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Inventory Counts, What are the Costs if They Get Low? | Efficiency Focused Solutions

Inventory Counts, What are the Costs if They Get Low?

Do low inventory counts always equate to low costs? After all, inventory is more expensive the longer it’s held and maintaining low inventory levels does help to reduce the high costs of inventory damage and obsolescence. In addition, low inventory also means the company’s is reducing its daily cost of money. However, while a company’s costs to finance inventory can be a concern, a number of companies are surprised to see just how much their inventory costs them when their inventory counts are too low. In fact, an argument can easily be made that a company’s cost to maintain low inventory is just as high, if not higher, than having too much inventory. So how is this possible? More importantly, what are the main cost drivers of a company who maintains too low an inventory count?

When thinking of low inventory counts, what’s the first thought that comes to mind? For example, what does your company do when you lack the inventory to meet a customer order? Well, you’ll likely need to rush parts & raw materials in from vendors. In all likelihood you’ll be faced with a vendor who’ll charge an expedite fee to secure the material & parts you so desperately need. This will immediately drive up your purchase price. This is the first cost you’ll incur for maintaining low inventory levels. The second cost will include the high costs of freight to rush those parts to your warehouse. In this case, you’ll likely pay for next day delivery which will drive up your per-unit freight costs on incoming parts. The third cost is the overtime you’ll pay your warehouse personnel to receive the parts, unpack them and repackage them, if needed. If you’re a manufacturer, you could incur additional costs pertaining to overtime in manufacturing. Finally, you’ll probably have to cover the cost of freight to your customer’s location for being late. In this case, you’ll incur the dreaded double freight bill. These four costs are summarized below.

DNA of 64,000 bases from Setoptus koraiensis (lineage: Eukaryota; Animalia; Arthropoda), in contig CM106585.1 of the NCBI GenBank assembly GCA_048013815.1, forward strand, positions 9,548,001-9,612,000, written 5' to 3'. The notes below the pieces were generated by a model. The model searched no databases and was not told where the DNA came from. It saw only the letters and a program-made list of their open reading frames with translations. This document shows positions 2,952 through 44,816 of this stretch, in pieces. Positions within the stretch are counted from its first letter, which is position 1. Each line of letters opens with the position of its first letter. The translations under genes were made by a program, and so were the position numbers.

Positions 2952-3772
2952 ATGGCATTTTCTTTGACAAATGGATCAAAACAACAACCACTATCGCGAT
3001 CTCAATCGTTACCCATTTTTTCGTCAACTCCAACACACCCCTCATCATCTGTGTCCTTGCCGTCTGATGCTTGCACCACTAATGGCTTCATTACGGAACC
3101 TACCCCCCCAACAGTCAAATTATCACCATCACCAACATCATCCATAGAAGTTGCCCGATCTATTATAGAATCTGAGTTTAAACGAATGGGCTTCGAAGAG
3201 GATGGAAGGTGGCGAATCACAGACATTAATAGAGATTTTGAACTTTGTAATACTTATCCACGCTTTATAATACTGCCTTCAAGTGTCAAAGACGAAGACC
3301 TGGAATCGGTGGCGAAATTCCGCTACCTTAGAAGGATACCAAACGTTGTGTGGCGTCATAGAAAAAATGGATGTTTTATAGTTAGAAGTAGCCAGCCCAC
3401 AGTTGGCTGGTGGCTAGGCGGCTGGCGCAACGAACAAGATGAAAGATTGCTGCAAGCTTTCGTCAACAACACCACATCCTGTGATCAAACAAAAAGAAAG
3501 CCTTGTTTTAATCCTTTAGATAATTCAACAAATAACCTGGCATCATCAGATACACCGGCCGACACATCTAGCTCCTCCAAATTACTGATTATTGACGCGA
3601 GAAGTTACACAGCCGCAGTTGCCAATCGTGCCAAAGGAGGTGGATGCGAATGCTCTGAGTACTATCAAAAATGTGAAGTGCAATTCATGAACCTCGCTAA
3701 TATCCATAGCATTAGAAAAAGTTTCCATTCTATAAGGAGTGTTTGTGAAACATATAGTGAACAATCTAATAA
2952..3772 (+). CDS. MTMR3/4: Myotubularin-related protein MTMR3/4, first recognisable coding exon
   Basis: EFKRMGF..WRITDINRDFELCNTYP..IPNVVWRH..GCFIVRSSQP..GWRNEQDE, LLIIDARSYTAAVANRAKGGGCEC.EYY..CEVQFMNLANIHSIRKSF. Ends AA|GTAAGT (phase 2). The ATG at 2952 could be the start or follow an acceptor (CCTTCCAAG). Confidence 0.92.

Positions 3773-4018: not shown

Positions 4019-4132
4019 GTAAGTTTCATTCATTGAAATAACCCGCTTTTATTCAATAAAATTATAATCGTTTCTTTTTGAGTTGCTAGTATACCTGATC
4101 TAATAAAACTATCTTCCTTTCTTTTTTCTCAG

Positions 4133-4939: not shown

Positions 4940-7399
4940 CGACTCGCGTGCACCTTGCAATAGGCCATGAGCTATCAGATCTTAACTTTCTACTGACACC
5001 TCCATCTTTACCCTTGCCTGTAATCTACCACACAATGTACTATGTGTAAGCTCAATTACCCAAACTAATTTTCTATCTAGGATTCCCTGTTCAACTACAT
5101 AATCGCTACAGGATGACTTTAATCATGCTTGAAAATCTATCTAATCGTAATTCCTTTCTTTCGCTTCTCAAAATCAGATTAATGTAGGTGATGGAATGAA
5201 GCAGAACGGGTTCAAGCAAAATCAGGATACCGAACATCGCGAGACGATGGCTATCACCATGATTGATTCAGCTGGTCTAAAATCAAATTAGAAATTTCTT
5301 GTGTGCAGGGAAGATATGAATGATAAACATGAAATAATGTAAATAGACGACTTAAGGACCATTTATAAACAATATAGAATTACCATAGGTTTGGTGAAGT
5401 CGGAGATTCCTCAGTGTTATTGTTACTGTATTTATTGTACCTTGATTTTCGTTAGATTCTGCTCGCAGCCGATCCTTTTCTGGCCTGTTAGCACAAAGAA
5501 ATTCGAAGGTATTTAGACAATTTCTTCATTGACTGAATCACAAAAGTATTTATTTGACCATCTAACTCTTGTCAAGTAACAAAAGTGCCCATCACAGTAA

• Increase purchase price
  • High per-unit freight costs
  • Overtime to receive and ship out again
  • High freight for expedited delivery

At the end of the day, you’ll pay an expedite fee to get the parts from your vendors and another to rush finished goods to your customer. Up until this point you were convinced that low inventory meant low costs. Does all of this sound familiar? Does your company encounter these situations and if so, how do they impact your customer relationships? Now, isn’t it only fair to assume that there are several hidden costs to maintaining low inventory? Granted, there will always be a question between having too much or too little inventory and it’s often a struggle to find that perfect balance. Regardless, companies must continually assess their inventory in order to understand its true cost drivers.

Managing inventory is a balancing act and relies upon the ability to find that happy medium between too little and too much inventory. However, the task becomes much easier when companies recognize that neither end of the spectrum is the solution. Protect your company against high holding costs of inventory but be aware that low inventory has its costs as well.

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